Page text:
The history of the name Dilow begins with the Anglo-Saxon
tribes of Britain. It is derived from the baptismal name meaning the son of Dilk.
The surname was originally of Dutch origin and was brought into England
during the Norman Conquest
of 1066. Baptismal names began to appear as surnames relatively late in the growth of the naming tradition. This is a little surprising, given the popularity of biblical figures in the Christian countries of Europe. Nevertheless, surnames derived from baptismal names grew in popularity during the Middle Ages, and have become one of the foremost sources for surnames.
Early Origins of the Dilow family
The surname Dilow was first found in Warwickshire
. "Maxstoke Castle is the property of Capt. Thomas Dilke, R.N., a descendant of Sir Thomas Dilke, who purchased it in the 41st of Elizabeth from Sir Thomas Egerton, keeper of the great seal: the buildings occupy an irregular quadrilateral area, inclosed by an embattled wall, and defended at the angles by octagonal towers, and are in a fine state of preservation." CITATION[CLOSE]
Lewis, Samuel, A Topographical Dictionary of England. Institute of Historical Research, 1848, Print.
Other early records of the family include: Geoffrey Dylle who was in Somerset, 1 Edward III (during the first year's reign of Edward III), CITATION[CLOSE]
Dickinson, F.H., Kirby's Quest for Somerset of 16th of Edward the 3rd London: Harrison and Sons, Printers in Ordinary to Her Majesty, St, Martin's Lane, 1889. Print. and the Hundredorum Rolls of 1273 listed Alan Dille in Cambridgeshire and Robert Dille in Buckinghamshire. CITATION[CLOSE]
Bardsley, C.W, A Dictionary of English and Welsh Surnames: With Special American Instances. Wiltshire: Heraldry Today, 1901. Print. (ISBN 0-900455-44-6)
Further to the north in Scotland, "Thomas dictus Dyll witnessed a charter by John Skinner, burgess of Inverness, c. 1360 and Marjorie dicta Dyll held land in Inuernys, 1361." CITATION[CLOSE]
Black, George F., The Surnames of Scotland Their Origin, Meaning and History. New York: New York Public Library, 1946. Print. (ISBN 0-87104-172-3)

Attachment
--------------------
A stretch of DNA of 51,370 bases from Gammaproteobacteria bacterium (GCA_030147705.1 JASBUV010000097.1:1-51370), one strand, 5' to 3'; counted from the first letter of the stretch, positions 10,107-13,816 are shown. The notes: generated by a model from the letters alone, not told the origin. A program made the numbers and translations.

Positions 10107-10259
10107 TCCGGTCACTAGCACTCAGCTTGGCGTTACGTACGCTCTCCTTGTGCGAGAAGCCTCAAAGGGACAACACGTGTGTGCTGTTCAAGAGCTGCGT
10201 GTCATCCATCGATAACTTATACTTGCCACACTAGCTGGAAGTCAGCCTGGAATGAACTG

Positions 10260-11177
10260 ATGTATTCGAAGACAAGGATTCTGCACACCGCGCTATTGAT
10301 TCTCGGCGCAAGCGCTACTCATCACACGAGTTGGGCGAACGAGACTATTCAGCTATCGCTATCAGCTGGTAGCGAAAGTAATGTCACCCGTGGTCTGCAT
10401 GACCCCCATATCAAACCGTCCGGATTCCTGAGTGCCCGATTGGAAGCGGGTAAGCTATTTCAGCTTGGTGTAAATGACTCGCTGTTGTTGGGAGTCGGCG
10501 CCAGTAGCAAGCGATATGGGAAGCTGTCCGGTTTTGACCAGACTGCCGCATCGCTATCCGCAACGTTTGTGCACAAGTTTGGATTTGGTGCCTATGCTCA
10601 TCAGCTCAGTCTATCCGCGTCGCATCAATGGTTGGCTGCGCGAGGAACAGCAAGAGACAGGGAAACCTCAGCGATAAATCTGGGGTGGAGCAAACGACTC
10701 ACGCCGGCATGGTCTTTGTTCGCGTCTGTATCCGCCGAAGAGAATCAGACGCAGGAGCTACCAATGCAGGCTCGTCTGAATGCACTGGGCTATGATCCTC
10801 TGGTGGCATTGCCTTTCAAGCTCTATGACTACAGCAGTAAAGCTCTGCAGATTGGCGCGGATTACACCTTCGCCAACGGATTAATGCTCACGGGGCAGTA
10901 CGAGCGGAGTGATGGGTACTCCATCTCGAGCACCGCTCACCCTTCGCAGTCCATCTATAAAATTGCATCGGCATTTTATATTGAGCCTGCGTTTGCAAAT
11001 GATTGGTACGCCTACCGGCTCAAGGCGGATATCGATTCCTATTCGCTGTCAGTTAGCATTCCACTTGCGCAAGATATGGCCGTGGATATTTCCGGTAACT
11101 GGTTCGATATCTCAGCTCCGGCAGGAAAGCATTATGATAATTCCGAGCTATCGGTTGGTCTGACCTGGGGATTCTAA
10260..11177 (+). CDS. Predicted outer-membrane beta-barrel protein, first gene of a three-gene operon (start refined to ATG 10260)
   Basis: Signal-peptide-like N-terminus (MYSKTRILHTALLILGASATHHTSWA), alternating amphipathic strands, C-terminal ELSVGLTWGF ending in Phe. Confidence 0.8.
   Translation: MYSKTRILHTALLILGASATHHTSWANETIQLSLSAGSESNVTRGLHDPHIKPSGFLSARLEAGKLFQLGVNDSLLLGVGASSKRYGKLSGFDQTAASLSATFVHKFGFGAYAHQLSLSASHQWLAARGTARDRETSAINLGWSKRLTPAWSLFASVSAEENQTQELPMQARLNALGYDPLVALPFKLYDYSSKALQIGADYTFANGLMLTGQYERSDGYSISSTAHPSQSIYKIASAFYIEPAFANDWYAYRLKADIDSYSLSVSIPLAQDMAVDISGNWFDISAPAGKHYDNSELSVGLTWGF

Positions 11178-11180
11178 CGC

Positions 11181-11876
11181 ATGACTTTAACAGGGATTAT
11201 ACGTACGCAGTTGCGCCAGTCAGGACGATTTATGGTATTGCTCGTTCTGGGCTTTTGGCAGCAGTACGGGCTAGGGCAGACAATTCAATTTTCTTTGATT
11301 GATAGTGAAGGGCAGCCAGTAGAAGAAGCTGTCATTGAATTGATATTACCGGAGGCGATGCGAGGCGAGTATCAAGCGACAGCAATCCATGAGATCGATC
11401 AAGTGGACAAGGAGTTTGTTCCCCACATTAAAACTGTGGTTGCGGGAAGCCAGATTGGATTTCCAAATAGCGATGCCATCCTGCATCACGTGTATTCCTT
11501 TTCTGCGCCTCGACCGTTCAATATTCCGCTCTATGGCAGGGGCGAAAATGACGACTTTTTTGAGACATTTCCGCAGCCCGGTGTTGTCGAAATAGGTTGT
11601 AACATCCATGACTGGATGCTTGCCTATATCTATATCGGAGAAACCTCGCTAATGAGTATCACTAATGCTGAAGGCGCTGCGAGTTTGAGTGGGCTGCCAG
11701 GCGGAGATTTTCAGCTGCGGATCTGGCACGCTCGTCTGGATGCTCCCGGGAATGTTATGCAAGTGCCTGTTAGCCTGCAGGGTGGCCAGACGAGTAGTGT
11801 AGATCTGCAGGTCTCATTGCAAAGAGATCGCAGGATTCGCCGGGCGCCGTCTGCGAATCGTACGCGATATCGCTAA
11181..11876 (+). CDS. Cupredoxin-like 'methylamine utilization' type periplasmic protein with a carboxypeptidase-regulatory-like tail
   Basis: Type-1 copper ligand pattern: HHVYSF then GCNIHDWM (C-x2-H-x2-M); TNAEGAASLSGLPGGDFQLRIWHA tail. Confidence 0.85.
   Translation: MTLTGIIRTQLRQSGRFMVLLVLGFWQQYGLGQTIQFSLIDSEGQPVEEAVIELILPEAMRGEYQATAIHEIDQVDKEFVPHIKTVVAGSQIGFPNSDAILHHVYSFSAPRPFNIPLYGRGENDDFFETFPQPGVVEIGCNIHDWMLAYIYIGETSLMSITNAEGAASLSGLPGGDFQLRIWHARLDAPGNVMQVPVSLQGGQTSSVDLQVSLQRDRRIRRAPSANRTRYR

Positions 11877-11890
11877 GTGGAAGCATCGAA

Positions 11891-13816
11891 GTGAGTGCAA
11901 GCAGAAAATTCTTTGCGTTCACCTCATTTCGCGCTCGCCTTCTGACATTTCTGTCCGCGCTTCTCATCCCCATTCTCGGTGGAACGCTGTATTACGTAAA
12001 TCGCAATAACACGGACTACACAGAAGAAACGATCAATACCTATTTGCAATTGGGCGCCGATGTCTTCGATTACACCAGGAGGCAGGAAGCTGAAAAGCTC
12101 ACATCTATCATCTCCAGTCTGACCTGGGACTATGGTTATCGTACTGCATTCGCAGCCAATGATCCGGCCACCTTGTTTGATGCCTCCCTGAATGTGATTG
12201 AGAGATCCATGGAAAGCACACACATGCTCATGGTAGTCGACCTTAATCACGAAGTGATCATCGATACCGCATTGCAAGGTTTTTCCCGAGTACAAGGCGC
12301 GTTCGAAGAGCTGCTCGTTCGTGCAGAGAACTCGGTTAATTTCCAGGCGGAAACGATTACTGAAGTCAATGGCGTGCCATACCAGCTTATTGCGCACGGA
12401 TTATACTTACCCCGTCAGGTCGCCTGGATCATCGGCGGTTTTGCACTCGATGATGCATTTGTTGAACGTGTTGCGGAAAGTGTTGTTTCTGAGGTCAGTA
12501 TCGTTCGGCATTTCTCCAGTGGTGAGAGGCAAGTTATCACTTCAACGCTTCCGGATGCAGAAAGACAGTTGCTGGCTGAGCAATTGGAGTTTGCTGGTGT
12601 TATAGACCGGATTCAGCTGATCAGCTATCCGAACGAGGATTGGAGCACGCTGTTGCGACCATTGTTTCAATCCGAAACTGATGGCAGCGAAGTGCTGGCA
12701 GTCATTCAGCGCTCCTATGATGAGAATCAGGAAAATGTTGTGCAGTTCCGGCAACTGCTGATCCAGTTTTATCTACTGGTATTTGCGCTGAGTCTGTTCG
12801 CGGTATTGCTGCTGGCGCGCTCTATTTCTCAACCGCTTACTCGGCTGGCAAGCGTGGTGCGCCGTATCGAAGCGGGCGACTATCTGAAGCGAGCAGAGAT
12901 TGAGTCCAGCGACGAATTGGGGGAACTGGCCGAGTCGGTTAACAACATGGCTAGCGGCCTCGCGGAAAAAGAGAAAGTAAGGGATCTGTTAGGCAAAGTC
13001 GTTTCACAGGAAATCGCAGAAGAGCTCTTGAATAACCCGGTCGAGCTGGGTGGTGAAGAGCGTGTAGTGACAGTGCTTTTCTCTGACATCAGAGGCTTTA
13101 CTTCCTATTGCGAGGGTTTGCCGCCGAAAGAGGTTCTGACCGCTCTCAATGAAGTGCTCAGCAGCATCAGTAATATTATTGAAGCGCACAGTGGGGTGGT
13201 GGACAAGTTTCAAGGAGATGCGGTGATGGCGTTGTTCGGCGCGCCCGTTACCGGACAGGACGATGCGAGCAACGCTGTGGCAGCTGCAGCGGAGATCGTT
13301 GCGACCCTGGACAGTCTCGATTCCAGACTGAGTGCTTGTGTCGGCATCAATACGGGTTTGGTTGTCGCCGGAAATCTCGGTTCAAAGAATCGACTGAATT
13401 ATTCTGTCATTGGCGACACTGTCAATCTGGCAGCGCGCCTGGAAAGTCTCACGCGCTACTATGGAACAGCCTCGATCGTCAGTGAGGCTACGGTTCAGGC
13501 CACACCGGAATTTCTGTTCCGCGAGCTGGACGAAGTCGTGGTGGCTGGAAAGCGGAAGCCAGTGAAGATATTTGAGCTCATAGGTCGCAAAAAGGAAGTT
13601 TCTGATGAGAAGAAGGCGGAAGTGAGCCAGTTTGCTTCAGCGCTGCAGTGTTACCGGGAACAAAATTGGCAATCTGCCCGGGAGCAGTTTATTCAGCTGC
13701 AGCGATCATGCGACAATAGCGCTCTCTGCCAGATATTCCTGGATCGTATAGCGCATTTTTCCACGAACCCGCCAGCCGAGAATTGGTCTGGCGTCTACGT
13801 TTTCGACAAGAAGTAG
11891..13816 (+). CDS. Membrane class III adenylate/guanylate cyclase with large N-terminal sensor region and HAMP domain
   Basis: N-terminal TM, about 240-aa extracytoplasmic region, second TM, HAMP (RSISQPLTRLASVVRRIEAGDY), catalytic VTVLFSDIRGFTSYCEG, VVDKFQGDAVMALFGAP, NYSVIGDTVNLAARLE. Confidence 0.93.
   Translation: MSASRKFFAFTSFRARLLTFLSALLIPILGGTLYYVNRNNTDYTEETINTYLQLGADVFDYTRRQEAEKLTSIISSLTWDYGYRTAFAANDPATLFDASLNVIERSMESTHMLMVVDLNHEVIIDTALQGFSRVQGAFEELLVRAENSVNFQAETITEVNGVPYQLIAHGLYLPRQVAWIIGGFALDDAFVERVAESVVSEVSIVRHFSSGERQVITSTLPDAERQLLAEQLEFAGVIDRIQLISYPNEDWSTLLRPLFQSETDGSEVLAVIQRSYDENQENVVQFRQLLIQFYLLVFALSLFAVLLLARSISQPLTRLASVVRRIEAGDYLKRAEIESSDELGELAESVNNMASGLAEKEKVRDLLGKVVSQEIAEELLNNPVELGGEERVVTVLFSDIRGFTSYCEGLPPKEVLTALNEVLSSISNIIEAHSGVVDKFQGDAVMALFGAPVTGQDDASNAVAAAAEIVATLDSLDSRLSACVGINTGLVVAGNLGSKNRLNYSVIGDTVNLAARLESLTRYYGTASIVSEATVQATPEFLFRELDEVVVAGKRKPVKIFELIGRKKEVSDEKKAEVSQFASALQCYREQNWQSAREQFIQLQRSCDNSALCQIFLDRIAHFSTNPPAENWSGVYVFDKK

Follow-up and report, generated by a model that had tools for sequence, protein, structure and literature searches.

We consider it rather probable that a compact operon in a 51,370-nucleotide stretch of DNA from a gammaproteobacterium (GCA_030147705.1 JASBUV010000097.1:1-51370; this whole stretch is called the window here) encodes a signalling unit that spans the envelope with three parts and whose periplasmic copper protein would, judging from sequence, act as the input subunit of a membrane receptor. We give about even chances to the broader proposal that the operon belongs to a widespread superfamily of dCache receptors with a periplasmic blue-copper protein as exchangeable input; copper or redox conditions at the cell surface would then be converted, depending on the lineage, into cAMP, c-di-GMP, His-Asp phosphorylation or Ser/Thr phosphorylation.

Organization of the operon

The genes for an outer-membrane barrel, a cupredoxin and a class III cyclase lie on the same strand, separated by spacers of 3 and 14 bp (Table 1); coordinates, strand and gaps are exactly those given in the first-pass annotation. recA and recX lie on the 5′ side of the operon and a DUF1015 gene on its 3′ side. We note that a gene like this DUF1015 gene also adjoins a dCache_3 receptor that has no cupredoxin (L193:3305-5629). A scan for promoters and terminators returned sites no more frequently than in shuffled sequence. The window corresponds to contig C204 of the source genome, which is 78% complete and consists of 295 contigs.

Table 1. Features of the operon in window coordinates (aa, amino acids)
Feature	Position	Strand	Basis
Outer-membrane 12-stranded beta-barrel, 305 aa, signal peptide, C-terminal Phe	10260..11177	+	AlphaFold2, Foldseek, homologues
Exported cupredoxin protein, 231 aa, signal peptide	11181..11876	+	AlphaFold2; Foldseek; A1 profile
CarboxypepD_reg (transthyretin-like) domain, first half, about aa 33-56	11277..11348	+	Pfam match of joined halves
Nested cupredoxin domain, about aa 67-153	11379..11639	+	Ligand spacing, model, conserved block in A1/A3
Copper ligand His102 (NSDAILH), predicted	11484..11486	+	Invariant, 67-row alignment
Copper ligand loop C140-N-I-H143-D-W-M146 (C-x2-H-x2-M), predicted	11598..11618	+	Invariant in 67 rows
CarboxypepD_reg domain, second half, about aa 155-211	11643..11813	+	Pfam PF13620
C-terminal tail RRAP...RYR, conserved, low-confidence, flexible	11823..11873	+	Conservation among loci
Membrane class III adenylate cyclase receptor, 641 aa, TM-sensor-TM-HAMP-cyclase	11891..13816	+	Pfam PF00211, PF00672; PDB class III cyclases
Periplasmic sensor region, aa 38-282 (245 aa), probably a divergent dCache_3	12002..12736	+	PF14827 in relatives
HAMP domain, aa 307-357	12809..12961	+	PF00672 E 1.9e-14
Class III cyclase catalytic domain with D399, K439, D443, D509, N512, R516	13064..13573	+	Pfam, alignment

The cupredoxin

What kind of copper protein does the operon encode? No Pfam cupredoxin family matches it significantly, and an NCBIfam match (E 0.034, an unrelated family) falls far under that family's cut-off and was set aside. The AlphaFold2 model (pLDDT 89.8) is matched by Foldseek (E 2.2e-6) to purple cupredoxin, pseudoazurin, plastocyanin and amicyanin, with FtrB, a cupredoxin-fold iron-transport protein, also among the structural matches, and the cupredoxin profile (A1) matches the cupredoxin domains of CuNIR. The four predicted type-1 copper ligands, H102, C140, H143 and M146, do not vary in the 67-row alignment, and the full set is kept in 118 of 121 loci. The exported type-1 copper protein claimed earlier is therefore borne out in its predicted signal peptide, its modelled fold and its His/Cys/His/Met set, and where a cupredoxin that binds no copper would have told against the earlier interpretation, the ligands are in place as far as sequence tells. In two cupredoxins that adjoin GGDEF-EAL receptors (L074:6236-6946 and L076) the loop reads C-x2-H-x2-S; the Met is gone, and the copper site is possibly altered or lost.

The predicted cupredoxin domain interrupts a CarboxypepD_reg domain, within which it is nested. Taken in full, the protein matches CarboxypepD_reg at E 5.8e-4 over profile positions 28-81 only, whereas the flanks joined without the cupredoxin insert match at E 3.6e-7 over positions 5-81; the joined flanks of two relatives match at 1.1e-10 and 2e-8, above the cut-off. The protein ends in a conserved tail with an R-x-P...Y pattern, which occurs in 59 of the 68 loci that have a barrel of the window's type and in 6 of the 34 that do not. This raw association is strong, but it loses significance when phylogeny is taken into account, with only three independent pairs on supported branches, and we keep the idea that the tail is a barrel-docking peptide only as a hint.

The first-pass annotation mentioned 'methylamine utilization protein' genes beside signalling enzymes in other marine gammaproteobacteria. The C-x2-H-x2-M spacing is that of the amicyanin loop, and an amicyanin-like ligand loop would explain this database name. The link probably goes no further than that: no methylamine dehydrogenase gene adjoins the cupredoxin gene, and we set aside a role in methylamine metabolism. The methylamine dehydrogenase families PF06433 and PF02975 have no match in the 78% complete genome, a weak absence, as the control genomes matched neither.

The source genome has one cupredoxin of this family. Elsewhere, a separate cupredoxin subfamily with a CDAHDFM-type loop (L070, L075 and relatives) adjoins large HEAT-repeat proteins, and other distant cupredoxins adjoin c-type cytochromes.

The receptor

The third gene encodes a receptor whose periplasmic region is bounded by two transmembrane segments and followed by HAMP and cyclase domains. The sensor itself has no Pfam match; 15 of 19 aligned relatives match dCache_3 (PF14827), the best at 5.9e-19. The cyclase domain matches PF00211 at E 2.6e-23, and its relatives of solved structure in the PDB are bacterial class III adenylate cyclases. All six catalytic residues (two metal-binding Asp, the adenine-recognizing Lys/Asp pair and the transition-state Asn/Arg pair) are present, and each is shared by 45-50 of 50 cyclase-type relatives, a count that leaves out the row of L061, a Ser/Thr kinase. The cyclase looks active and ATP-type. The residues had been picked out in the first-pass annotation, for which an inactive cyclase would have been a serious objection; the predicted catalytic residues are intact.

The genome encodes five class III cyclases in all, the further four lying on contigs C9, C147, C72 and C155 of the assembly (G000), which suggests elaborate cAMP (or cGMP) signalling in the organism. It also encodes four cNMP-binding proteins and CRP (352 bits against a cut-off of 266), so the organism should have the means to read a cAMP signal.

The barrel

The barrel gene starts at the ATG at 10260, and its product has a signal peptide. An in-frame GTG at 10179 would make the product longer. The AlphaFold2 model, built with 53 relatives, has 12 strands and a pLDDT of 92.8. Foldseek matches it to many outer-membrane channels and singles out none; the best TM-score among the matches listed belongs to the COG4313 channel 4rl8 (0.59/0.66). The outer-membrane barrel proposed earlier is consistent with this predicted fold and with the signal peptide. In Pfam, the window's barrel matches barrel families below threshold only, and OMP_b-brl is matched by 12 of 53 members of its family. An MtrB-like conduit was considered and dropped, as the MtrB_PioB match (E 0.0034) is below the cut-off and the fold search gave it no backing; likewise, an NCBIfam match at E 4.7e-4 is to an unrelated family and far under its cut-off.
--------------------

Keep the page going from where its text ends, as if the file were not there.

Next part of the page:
Early History of the Dilow family
This web page shows only a small excerpt of our Dilow research.Another 48 words (3 lines of text) covering the years 1635, 1624, 1624 and 1633 are included under the topic Early Dilow History in all our PDF Extended History products and printed products wherever possible.
Dilow Spelling Variations
The English language only became standardized in the last few centuries; therefore, spelling variations
are common among early Anglo-Saxon
names. As the form of the English language changed, even the spelling of literate people's names evolved. Dilow has been recorded under many different variations, including Dilke, Dilkes, Dilks, Dilley, Dill, Dillow and others.
Early Notables of the Dilow family (pre 1700)
Distinguished members of the family include Roger Delk (Dilke, Delke, or Dilk) (died before 1635) English-born, representative for Stanley's Hundred
in the House of Burgesses. He traveled from England
to Virginia aboard the ship "Southampton" in 1624. He was... Another 39 words (3 lines of text) are included under the topic Early Dilow Notables in all our PDF Extended History products and printed products wherever possible.
Migration of the Dilow family to the New World and Oceana
For many English families, the political and religious disarray that shrouded England
made the far away New World an attractive prospect. On cramped disease-ridden ships, thousands migrated to those British colonies that would eventually become Canada and the United States. Those hardy settlers that survived the journey often went on to make important contributions to the emerging nations in which they landed. Analysis of immigration records indicates that some of the first North American immigrants bore the name Dilow or a variant listed above: Clement and Mrs. Dilke who settled in Virginia in 1623; Mary Dilkill settled in New England
in 1767; Lawrence Dill settled in Summers Island in 1673; Adam, Adolph, George, John, Margaret, Nancy Dill arrived in Philadelphia between 1840 and 1860..